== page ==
Five years after the catastrophic earthquake in Haiti, workers are still struggling to pay for transportation, food and housing, as the cost of living rises exponentially while wages fail to keep pace.
In recent discussions with export apparel workers in Port-au-Prince, Haiti’s capital, the US labour rights NGO Solidarity Center found that workers spend as much as half of their daily wage in order to eat two meals a day. Sending a child to school can absorb most of their monthly pay.
Elmerome, who makes T-shirts and is paid 225 Haitian gourdes (approximately US$4.80) for an eight-hour day, says that even though his wages have risen from 125 gourdes (US$2.70) per day before the earthquake, food for himself and his child every day costs 500 gourdes (US$10.70) – more than twice his daily income.
In 2013, he spent about 400 gourdes (US$8.55) a day on food. Meanwhile, his child’s education costs run about 5000 gourdes (US$106) a month.
Like all workers interviewed, Elmerome is a member of a union, a factor he attributes to improving his working conditions.
He says the Centrale National des Ouvriers Haïtiens (CNOHA) union has “helped fight against discrimination, suspensions and dismissals,” and “gives workers a voice.”
He sees freedom of association as the most important element for Haitian workers seeking to improve their working conditions.
And echoing other factory workers interviewed, he says many workers fear joining a union because of employer harassment, including the threat of being fired.
The Solidarity Center held these recent informal discussions as a follow-up to a study it conducted in 2014 to reassess the cost of living for export apparel workers in Port-au-Prince.
The High Cost of Low Wages in Haiti concluded that, based on a standard 48-hour work week, Haitian workers should be paid at least 1,006 gourdes (US$21.50) per day to adequately provide for themselves and their families.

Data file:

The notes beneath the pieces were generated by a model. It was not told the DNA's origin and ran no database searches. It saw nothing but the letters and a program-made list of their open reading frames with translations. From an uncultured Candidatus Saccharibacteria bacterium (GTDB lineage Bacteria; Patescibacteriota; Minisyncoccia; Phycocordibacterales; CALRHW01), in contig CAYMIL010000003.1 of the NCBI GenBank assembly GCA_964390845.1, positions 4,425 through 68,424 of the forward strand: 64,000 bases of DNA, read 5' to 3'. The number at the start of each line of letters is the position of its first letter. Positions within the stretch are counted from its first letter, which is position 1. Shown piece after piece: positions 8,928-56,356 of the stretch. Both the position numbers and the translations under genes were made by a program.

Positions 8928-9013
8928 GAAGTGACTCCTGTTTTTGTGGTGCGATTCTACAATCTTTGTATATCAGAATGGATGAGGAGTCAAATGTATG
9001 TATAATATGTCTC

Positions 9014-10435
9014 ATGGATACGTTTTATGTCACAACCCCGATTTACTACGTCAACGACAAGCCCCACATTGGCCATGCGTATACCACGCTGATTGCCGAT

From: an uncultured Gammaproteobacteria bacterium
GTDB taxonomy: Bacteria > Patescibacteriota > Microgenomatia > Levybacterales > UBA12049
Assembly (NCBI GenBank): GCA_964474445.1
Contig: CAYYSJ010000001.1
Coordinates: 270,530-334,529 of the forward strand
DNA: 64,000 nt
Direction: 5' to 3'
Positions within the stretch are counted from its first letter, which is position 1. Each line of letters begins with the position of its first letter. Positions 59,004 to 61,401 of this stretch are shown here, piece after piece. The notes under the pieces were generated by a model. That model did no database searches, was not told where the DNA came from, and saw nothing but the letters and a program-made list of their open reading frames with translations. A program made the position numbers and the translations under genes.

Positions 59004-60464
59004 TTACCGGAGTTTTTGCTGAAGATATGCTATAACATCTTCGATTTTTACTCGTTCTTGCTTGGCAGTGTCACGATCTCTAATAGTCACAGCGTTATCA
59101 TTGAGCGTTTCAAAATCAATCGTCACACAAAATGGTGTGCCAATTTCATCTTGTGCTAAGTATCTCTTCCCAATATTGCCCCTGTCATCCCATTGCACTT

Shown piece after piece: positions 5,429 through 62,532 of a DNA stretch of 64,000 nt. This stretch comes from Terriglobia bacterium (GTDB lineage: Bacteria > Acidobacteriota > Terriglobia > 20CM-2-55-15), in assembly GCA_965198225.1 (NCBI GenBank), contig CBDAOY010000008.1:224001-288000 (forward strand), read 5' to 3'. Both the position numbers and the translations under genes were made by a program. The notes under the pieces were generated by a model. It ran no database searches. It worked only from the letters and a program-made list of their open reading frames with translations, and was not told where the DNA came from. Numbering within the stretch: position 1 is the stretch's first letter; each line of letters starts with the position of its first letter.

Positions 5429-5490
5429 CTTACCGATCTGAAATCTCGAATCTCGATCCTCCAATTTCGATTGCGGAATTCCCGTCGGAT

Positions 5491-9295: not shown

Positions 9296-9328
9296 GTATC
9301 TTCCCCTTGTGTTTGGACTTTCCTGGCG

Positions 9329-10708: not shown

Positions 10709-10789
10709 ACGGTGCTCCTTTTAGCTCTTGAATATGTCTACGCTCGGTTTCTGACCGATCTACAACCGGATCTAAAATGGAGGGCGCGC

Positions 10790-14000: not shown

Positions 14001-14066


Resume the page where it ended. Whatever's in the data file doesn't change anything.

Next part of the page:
But like Elmerome, workers are generally paid between 225 gourdes (the minimum wage for export factories) and 300 gourdes (US$6.40) a day or more if they are piece-rate workers.
Further, the report says:
“Despite growth at the industry level, export apparel workers remain impoverished …. Companies that source from Haiti benefit from inexpensive labor costs, as well as lax enforcement of labor laws in an industry that is rife with worker rights abuses.”
Another factory worker, Widnise, told the Solidarity Center that she makes 225 gourdes a day and spends nearly half of that—110 gourdes (US$2.35) each day—on food and transportation. Even with two people working in her household, she says, it is difficult to survive. Her rent is 20,000 gourdes (US$430) a year.
Minimum wage raise
In 2013, Haitian workers and their unions waged rallies and protests to demand that the daily minimum wage be increased to 500 gourdes for export apparel workers, but the government raised it to only 225 gourdes, effective last June.
Since then, Haitian unions have sought to secure improvements for workers through labour-employer discussions with the government on reforming the current labour code, boosting social protections and reviewing wage levels.
The current labour code has not been updated in more than 28 years, and union leaders say stronger labour laws and improved social protections could go a long way to address many of the problems facing Haitian workers and their families.
In the apparel sector, Haitian unions are actively participating with employers in the Social Dialogue Table launched in early 2014.
Haitian government representatives from the Ministry of Social Affairs and Labour Ministry participate as observers, along with other national and international organisations, including the Solidarity Center, the CTMO-HOPE Commission and the non-profit, Better Work-Haiti.
Union leaders say this process can potentially pave the way for improved workplace conditions, especially respect for worker rights.
“Our discussions with Haitian workers underscore a critical truth about the recovery effort: subsistence wages have not helped workers surmount this disaster, much less allowed them to prepare for the next environmental or economic shock,” said Shawna Bader-Blau, Solidarity Center executive director.
“For hardworking Haitians to live with dignity—and for Haiti to develop an economy that works for its people—fair wages are essential.”
The January 12, 2010, earthquake killed more than 200,000 Haitians and left another 1.5 million homeless.
The disaster was followed by a string of tropical storms and a cholera epidemic that killed at least 8,000 people.
A full version of this article is available on the Solidarity Center website.